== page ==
“For the smooth sward of selfish Eden bowers,
“Nor—Max for Adam, if I knew my mind!”
As I mentioned up top, Isabella Valancy Crawford did, posthumously, receive some of the recognition that probably should have been hers when she was alive. She is buried in Peterborough, in Little Lake Cemetery, under a fairly elaborate gravestone that was erected just a few years ago. Crawford has also been commemorated by having a park named after her in Toronto, and there is a historical plaque in her honour in Peterborough (in Millenium Park overlooking the Otonabee River) and at the house where she died in Toronto. And most importantly, her works have been published, re-published, and widely analyzed by those interested in Canadian literature.
This has been an almost shamefully superficial look at the writings of Isabella Valancy Crawford; much more in-depth works on her have been written, and I encourage to hunt them up and read them (you can start with Elizabeth Galvin’s biography of the poet, titled Isabella Valancy Crawford: We Scarcely Knew Her). In particular, there is a great deal of interesting material out there on Crawford’s treatment of mythology, and especially Aboriginal mythology, in her writing; she was by all accounts fascinated with Native myths and legends almost from the time her family arrived in Canada. Her dealings with these stories are very complicated, and very interesting, and we shall return to them in the course of poking Peterborough along as a City of Literature.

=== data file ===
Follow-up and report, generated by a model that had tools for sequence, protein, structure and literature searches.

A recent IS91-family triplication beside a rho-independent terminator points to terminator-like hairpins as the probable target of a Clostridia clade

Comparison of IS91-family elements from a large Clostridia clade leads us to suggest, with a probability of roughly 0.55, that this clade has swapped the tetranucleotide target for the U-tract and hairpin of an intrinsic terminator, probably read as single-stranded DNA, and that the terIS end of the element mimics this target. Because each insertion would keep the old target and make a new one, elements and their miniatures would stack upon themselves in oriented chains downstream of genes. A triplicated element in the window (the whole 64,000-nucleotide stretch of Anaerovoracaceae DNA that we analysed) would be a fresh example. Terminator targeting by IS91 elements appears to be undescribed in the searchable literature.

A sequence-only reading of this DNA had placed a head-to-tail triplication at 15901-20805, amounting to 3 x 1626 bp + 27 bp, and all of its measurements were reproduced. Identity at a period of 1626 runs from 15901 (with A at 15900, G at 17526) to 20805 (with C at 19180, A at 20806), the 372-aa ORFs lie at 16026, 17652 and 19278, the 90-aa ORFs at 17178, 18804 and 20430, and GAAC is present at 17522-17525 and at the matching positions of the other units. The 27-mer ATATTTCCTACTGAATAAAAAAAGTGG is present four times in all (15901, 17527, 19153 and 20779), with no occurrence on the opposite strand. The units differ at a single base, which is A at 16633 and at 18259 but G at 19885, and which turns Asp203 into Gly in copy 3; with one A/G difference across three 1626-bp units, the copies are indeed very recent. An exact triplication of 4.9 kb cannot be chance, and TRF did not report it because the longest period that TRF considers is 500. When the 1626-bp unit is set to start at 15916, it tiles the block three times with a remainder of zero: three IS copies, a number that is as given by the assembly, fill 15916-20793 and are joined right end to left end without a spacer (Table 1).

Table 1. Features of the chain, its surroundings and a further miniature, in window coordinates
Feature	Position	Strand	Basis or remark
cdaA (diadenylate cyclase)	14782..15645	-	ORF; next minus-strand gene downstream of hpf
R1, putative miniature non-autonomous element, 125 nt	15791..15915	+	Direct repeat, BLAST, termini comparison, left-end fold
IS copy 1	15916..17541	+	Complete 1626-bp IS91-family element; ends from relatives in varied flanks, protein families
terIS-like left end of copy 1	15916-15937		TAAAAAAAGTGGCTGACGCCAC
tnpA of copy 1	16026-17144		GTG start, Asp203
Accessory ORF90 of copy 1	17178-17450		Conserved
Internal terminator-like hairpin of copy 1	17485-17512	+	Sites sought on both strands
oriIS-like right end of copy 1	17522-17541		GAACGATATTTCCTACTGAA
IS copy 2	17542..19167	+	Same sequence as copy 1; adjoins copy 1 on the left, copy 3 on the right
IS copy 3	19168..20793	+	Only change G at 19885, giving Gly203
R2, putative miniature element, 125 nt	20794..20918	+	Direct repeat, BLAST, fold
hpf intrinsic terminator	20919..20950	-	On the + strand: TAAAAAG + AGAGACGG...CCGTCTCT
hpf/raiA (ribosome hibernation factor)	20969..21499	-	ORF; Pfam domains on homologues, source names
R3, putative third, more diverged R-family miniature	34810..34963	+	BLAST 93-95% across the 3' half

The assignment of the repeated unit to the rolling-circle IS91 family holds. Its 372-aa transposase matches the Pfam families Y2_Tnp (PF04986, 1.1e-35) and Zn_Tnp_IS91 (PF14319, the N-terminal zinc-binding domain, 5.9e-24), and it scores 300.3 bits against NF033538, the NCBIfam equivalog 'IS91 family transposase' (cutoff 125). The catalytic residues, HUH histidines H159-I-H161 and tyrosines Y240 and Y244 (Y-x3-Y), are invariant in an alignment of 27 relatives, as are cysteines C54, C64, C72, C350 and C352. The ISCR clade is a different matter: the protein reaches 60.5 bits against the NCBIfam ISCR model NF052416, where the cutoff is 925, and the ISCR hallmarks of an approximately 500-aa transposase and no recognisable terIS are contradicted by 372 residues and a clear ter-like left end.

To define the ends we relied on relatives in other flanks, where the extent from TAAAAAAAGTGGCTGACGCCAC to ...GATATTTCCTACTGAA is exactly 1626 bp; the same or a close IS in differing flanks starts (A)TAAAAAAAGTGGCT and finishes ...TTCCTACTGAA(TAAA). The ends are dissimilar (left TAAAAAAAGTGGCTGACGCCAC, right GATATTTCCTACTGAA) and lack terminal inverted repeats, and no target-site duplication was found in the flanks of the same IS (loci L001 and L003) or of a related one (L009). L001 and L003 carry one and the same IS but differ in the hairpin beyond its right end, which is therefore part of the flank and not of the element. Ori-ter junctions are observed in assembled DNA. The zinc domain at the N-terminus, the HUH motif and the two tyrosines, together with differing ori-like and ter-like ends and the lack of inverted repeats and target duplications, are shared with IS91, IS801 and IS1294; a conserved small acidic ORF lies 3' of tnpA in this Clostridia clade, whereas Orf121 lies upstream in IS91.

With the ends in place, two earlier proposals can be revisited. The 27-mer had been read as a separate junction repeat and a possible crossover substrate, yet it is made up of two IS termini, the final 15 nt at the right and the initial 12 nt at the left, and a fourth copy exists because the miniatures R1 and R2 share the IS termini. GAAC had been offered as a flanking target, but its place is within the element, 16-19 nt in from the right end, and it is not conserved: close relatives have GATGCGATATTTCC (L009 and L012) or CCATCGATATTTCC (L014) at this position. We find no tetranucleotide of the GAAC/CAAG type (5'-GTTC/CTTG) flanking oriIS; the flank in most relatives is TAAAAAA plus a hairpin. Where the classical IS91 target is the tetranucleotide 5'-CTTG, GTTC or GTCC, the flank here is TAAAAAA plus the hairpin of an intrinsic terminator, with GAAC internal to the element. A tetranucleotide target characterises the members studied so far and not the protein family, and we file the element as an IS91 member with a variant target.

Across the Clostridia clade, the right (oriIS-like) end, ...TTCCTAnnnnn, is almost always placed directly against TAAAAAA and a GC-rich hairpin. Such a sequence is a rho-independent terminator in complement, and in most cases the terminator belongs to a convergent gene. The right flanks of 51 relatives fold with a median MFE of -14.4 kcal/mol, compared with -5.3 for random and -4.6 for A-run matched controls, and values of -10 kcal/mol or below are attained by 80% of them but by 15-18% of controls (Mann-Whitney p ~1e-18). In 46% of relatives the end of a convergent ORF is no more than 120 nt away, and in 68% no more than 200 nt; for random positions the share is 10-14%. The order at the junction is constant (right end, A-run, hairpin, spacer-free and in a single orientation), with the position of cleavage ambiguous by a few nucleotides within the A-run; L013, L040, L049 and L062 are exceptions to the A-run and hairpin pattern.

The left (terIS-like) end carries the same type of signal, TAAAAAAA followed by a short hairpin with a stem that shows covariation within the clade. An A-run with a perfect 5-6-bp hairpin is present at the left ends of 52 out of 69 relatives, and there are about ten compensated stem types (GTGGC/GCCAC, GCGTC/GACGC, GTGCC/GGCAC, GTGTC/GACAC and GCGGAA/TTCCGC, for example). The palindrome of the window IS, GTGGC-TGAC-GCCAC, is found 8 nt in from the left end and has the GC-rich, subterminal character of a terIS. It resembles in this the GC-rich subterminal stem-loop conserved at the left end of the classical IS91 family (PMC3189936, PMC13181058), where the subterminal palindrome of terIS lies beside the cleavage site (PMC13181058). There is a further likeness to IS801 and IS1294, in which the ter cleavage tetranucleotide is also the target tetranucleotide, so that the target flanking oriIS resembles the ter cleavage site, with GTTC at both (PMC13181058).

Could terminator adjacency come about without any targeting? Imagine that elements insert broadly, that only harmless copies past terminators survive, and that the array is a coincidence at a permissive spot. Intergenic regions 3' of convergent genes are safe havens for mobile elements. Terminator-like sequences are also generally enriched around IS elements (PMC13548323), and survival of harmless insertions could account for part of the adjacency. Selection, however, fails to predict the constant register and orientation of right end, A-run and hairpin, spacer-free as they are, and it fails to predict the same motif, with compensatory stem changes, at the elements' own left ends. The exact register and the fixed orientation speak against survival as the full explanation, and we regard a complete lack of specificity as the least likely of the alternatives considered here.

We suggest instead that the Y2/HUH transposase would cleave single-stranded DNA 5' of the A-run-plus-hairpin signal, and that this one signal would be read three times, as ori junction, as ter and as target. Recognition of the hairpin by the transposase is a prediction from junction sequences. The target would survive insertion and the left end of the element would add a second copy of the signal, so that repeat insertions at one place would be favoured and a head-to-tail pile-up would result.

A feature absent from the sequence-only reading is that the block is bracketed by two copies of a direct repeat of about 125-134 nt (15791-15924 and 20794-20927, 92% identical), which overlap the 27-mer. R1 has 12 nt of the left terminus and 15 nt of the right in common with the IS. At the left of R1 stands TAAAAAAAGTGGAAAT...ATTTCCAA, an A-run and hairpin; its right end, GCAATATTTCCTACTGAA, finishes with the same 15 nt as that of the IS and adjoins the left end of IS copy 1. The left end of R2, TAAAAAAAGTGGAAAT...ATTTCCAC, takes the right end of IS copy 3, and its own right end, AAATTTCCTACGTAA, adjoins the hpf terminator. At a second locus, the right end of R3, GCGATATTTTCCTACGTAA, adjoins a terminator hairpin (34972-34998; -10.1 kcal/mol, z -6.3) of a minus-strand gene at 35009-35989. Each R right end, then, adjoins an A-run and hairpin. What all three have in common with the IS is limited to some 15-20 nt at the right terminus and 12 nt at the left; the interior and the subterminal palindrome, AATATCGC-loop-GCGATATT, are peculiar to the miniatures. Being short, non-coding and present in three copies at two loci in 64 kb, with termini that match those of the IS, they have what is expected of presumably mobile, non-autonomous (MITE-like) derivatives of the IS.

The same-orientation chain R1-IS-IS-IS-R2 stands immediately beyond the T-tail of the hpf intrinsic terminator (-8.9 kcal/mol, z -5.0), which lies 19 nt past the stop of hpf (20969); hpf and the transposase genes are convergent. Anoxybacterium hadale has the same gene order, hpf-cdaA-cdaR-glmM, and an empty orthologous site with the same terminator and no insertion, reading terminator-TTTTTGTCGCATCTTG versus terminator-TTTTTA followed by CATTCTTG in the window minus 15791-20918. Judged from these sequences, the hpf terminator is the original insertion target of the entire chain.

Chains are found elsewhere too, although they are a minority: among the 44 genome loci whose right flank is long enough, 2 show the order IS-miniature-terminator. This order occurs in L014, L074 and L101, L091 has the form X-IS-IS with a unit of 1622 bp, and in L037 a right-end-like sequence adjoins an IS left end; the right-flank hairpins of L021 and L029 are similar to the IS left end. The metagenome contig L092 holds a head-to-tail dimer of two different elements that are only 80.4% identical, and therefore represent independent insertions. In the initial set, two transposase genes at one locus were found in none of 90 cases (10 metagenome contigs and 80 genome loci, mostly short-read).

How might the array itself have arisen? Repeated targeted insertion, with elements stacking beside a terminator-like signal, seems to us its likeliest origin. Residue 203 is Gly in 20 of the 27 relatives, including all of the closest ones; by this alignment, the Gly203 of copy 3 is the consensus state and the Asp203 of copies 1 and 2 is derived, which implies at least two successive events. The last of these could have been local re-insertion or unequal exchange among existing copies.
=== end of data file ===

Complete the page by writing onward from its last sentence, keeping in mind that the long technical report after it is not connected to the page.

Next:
However, for the time being this will do as a short introduction to Crawford’s feminism, class-consciousness, and nationalism. Those three elements, of course, interact with, feed off of, intertwine with, and support each other in the poet’s writings. All three are a constant presence, if sometimes a subtle one. And by that presence they do indeed connect her thematically to Maria Mercè Marçal, a poet who lived a century later and a long way away.
Thank you for reading.